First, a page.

4. the dialog can receive the downloaded unlimited jurisdiction policy zip via drag and drop
  5. perform the upgrade for the user backing up the limited files and replacing them with the unlimited ones
  6. restart KeyStore Explorer

This is all in place. However, there are permissions issues with KeyStore Explorer carrying out the upgrade on Operating Systems like Windows 7. I have some ideas to resolve these issues which I am progressing with.

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4 Comments on “KeyStore Explorer 4.1 Development Status Update”

  1. Victor Says:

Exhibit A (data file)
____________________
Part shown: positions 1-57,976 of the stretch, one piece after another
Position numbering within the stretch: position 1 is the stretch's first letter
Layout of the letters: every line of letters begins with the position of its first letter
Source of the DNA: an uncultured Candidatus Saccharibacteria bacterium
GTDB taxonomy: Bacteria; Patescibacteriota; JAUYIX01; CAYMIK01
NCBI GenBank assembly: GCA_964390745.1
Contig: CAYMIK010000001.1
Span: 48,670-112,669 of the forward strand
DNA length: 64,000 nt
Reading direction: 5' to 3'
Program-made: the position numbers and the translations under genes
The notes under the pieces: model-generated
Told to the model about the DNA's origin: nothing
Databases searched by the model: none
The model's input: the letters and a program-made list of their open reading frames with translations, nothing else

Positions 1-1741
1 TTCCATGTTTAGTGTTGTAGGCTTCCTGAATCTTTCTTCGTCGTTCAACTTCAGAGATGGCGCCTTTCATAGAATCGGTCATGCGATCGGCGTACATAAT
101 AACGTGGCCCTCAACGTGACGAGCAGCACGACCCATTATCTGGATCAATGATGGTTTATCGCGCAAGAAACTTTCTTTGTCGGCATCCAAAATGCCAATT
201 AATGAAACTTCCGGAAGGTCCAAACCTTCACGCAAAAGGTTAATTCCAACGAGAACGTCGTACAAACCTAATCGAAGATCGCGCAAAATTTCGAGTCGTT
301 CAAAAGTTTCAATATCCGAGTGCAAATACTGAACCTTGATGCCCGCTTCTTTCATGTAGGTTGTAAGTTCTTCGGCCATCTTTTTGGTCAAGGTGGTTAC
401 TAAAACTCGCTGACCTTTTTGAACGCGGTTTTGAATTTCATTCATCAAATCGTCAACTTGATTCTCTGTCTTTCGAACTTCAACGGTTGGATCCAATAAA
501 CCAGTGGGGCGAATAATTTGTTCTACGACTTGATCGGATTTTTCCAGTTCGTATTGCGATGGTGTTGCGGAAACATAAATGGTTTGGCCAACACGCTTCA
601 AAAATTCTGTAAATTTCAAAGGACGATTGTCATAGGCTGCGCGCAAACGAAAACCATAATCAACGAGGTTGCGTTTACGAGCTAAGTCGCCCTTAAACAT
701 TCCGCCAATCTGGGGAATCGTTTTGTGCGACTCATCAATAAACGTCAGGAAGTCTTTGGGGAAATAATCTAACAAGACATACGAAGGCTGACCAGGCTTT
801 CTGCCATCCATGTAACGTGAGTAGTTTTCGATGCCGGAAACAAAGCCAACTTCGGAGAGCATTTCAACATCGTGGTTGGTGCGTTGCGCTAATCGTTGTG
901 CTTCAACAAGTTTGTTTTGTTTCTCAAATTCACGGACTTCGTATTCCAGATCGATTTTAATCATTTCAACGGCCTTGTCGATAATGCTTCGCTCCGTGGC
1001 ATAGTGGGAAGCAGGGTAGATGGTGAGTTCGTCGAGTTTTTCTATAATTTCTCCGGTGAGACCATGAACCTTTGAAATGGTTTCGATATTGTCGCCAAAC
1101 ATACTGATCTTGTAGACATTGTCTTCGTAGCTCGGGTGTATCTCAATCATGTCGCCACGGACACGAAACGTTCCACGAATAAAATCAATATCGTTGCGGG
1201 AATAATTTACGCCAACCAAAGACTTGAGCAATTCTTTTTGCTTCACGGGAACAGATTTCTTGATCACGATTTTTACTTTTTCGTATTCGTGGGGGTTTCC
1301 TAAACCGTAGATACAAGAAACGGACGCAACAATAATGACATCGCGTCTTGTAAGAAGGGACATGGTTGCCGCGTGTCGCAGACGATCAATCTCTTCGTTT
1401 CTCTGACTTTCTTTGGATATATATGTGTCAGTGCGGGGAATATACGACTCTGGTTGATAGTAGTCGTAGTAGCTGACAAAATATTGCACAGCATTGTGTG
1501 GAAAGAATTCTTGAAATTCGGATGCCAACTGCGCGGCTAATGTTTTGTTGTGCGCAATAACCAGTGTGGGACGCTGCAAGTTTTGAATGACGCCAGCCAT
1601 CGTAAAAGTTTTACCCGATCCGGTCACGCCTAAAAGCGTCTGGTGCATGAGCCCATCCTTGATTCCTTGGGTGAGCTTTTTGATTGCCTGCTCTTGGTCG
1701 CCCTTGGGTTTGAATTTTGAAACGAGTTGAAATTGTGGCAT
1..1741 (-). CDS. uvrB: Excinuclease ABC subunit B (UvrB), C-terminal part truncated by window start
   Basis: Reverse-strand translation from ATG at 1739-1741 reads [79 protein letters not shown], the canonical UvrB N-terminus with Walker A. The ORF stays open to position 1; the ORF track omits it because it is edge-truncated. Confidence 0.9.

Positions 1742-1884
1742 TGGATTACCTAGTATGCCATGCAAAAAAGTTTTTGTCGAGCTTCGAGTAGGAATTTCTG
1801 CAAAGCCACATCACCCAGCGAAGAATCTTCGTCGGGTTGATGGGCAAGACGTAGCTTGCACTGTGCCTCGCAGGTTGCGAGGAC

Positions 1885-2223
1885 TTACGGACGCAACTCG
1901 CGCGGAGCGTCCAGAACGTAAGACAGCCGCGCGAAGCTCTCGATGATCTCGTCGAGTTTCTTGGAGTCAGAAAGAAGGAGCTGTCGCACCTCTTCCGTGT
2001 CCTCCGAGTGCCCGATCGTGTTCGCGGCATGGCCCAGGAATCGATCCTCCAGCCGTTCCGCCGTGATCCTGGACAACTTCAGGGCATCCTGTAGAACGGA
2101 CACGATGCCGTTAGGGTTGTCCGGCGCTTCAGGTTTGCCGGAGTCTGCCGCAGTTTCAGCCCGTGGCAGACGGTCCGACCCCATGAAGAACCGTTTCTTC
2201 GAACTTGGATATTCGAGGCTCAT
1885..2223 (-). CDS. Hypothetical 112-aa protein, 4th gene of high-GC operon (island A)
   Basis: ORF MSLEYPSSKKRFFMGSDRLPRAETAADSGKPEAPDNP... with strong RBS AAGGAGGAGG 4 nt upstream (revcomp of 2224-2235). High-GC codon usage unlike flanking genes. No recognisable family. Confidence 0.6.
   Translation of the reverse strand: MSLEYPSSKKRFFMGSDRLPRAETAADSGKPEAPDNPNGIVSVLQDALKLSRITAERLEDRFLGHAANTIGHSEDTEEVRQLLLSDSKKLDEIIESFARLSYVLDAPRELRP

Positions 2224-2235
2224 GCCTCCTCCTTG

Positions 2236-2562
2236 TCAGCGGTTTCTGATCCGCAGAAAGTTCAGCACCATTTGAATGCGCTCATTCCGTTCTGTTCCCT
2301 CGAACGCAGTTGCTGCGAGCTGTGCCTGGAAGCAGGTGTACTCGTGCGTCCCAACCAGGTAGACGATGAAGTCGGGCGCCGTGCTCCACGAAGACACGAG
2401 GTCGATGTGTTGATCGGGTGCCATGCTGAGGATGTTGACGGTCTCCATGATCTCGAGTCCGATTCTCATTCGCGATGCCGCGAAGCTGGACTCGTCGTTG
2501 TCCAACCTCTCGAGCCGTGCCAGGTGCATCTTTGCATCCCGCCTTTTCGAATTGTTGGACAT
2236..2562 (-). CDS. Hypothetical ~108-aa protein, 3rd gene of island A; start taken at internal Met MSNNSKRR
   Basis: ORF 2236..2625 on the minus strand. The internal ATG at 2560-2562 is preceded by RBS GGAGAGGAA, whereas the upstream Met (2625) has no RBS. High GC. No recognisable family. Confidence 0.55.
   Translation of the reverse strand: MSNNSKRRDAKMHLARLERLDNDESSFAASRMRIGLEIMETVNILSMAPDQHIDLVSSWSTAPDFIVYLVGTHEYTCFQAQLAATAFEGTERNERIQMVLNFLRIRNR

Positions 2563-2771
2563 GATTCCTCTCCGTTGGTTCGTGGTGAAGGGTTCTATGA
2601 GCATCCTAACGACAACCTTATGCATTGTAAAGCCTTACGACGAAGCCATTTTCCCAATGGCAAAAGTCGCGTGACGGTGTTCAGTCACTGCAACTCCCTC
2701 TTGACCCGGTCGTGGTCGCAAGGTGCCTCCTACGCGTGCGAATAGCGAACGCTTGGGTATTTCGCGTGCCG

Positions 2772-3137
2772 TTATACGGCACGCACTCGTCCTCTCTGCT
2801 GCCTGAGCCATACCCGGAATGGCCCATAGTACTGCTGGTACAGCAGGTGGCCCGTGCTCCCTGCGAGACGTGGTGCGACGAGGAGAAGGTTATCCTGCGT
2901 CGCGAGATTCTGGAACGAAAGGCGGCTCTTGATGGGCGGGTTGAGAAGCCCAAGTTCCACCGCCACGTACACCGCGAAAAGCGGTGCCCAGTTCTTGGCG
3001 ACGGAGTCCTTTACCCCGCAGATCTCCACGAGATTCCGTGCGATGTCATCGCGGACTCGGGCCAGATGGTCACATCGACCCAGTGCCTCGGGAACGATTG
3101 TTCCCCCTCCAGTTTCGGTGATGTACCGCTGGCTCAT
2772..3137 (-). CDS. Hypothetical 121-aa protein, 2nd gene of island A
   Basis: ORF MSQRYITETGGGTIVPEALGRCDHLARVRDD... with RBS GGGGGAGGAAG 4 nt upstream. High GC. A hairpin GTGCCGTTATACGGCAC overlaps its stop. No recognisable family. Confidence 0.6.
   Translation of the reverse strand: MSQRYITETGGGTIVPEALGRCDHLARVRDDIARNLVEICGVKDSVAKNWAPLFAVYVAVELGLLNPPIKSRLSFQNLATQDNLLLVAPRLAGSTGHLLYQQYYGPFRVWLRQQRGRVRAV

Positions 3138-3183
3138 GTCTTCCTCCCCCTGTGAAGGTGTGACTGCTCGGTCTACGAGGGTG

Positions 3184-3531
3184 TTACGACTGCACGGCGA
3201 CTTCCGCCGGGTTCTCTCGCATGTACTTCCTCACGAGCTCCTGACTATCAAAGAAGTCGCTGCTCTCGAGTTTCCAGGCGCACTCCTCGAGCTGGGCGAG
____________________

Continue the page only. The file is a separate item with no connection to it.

Thanks for the update.
    Keep up the good work.

    Victor Rosenberg

  2. JL Says:

    I so appreciate you and your work. Keystore Explorer has saved me immense time compared to the poor alternatives available (Portecle withstanding, which I understand was also yours).

    Thanks so much.

  3. Eric Lee Says:

    I’d like to try Keystore Explorer but can’t get past the “Upgrade Cryptography Strength” dialogue. Our JREs ALWAYS have unlimited strength installed and this dialogue offers no indication of how it came to this decision or an option to carry on. Naturally, running on a Unix server machine, it would not have permissions to alter JRE files.

  4. Eric Lee Says:

    Well I should be more careful! I was of course finding the wrong JRE on PATH which indeed didn’t have unlimited strength jars. All good now